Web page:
Lyndon Goode Architects and Citizens Design Bureau have redesigned the front-of-house areas at the Royal Court Theatre, with bespoke furniture and lighting by Benchmark.
The Chelsea-based theatre underwent a £14m refurbishment in 2000, carried out by architect Haworth Tompkins, winners of this year’s Stirling Prize for its Everyman Theatre in Liverpool. The Royal Court Theatre encompassed the entire building, aside from the Grade-II listed façade and auditorium. The space beneath the theatre, which houses the bar, restaurant and shop, were enlarged with the addition of an small backroom, which had formerly been used for public toilet facilities.
However, the café and bar, called the Undercroft, was reportedly failing to attract daytime customers despite heavy footfall from the adjacent Sloane Square tube. The bar was also congested during show intervals.
Lyndon Goode Architects and Citizen Design Bureau, founded by David Lyndon and Katy Marks respectively, both formerly of Haworth Tompkins, were brought in to rethink the Undercroft space.
The main move was to shift the horseshoe-shaped main bar to the centre of the room creating clearer circulation while drawing customers into the space. Custom-made by Benchmark, the bar is clad in timber panels, sourced to match the original Jarrah wood, and the back is black-patinated steel, which was produced in the practice’s metal workshop. The bar is encircled by benches and semi-circular banquettes upholstered in claret-red leather.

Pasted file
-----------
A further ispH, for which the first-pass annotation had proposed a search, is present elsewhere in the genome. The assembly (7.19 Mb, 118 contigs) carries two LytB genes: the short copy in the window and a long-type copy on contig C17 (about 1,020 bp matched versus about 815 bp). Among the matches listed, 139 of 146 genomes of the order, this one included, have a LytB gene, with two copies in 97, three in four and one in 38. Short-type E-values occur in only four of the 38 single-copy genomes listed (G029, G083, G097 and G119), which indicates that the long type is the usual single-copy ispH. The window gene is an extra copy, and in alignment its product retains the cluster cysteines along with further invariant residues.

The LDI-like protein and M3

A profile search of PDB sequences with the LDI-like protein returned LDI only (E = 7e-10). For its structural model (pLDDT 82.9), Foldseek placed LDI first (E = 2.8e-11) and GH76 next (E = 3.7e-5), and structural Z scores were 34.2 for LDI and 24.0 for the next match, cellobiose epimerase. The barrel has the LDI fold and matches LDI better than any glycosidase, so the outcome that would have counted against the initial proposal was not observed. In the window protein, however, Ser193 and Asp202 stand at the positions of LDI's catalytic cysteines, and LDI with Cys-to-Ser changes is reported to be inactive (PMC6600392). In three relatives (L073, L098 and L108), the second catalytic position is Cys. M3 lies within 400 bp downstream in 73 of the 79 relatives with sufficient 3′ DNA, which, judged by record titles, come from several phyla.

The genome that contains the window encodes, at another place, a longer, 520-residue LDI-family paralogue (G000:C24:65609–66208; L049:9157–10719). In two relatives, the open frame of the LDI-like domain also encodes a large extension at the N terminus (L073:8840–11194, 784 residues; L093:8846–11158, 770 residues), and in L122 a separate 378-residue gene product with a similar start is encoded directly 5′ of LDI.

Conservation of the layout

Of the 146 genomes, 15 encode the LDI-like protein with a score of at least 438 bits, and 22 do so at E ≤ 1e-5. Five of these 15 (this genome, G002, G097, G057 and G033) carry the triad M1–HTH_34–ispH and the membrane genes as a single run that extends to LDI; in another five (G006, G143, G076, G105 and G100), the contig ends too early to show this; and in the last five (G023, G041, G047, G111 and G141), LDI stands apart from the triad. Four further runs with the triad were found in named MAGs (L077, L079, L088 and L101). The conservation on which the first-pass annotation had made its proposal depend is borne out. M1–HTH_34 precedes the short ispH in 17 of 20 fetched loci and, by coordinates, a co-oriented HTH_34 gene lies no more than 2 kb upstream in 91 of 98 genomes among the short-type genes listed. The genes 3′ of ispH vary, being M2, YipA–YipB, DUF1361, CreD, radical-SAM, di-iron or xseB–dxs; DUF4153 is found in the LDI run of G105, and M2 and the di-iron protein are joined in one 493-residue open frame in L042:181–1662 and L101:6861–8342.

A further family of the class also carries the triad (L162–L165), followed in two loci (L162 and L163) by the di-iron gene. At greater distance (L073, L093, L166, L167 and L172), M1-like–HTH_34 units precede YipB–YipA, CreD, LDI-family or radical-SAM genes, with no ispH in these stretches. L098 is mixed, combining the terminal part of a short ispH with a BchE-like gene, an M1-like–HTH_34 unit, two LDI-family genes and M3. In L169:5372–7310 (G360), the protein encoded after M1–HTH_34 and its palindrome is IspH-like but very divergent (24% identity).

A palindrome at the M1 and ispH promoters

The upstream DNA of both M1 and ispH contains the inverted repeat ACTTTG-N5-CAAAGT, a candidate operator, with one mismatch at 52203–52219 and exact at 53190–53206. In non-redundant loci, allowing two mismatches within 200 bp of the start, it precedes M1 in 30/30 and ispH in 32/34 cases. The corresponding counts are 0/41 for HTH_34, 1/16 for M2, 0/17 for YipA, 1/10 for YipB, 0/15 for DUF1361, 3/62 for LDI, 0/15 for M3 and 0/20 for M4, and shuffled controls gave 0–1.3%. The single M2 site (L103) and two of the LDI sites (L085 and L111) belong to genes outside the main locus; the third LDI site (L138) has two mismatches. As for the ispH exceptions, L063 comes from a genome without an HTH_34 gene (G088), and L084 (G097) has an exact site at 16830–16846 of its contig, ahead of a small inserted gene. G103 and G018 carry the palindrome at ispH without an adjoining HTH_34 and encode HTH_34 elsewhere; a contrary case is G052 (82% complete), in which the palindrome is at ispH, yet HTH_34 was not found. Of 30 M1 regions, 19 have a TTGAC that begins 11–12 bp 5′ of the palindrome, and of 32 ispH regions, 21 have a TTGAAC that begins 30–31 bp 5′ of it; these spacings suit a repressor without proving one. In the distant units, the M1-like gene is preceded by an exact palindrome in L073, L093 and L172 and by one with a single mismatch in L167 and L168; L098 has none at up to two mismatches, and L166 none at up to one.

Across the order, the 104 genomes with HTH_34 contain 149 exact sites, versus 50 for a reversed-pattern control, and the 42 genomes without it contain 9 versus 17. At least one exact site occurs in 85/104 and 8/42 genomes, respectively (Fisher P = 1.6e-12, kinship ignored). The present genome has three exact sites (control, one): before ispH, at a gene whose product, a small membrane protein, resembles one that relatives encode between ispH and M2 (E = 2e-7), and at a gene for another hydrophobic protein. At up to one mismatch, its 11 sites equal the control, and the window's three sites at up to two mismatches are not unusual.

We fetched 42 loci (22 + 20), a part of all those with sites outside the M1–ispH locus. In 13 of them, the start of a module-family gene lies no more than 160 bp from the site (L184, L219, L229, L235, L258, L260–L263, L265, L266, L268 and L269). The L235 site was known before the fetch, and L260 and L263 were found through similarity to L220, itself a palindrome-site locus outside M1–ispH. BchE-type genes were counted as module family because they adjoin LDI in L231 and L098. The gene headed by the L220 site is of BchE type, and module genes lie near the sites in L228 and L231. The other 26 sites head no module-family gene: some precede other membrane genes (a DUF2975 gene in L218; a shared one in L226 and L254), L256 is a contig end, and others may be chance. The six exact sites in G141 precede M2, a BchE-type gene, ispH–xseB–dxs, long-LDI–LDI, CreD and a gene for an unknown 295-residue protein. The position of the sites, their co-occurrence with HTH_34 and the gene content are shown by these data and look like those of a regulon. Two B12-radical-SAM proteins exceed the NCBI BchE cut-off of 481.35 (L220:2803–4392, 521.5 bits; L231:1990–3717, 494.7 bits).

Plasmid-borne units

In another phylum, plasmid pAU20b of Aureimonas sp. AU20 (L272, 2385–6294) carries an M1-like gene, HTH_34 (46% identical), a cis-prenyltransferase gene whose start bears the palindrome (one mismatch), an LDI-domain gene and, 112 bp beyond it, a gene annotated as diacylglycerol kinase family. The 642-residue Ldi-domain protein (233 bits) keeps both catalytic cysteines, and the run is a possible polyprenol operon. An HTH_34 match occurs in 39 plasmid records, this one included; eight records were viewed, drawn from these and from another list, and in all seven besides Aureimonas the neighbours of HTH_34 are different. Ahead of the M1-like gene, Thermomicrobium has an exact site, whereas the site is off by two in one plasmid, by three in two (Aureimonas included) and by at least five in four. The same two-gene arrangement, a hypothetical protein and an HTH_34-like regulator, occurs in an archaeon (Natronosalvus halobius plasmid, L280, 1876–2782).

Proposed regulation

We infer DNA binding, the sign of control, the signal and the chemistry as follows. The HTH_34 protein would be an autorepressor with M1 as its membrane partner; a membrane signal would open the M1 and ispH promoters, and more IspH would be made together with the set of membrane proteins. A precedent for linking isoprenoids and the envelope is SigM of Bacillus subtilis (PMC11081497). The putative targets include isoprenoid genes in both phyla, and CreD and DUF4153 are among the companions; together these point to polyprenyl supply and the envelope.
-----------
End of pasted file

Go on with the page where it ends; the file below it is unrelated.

The materials were chosen to blend with the theatre, which features Corten steel, Jarrah wood, polished concrete and dark leather. The seating has been teamed with side and dining tables in stained Sapele and patinated steel bases. The steel filigree screens that line the restaurant areas reference delicate metalwork elsewhere in the building, while mirrors reflect the familiar Royal Court sign from the viewpoint of guests descending the stairs. The ceiling is lined with shallow custom-made steel pendants with coloured enamel interiors.
The “dark and dingy” back room was transformed into a reading room, referred to as the “ladies’ room” in reference to its previous life as a public toilet. Its doorway is cut into the wall, the shape of its stepped mantel determined by the stairway above. The space is lined with task lighting, leather seating, and patinated bookshelves, again by Benchmark. The seating incorporates power points to allow customers to work on their laptops.
Citizens Design Bureau’s Katy Marks worked on the interiors, furniture and signage for the Stirling Prize-winning Everyman Theatre, as well taking on the role of Haworth Tompkin’s project architect for the National Theatre Studio and the Young Vic Foyer Bar. Lyndon Goode Architects designed the Invisible Dot’s premises in King’s Cross, which is the first custom-built comedy venue to open in London for 20 years. Citizens Design Bureau is currently working on the new Sondheim Theatre in the West End for Sir Cameron Mackintosh in collaboration with the RHWL Architects art’s team.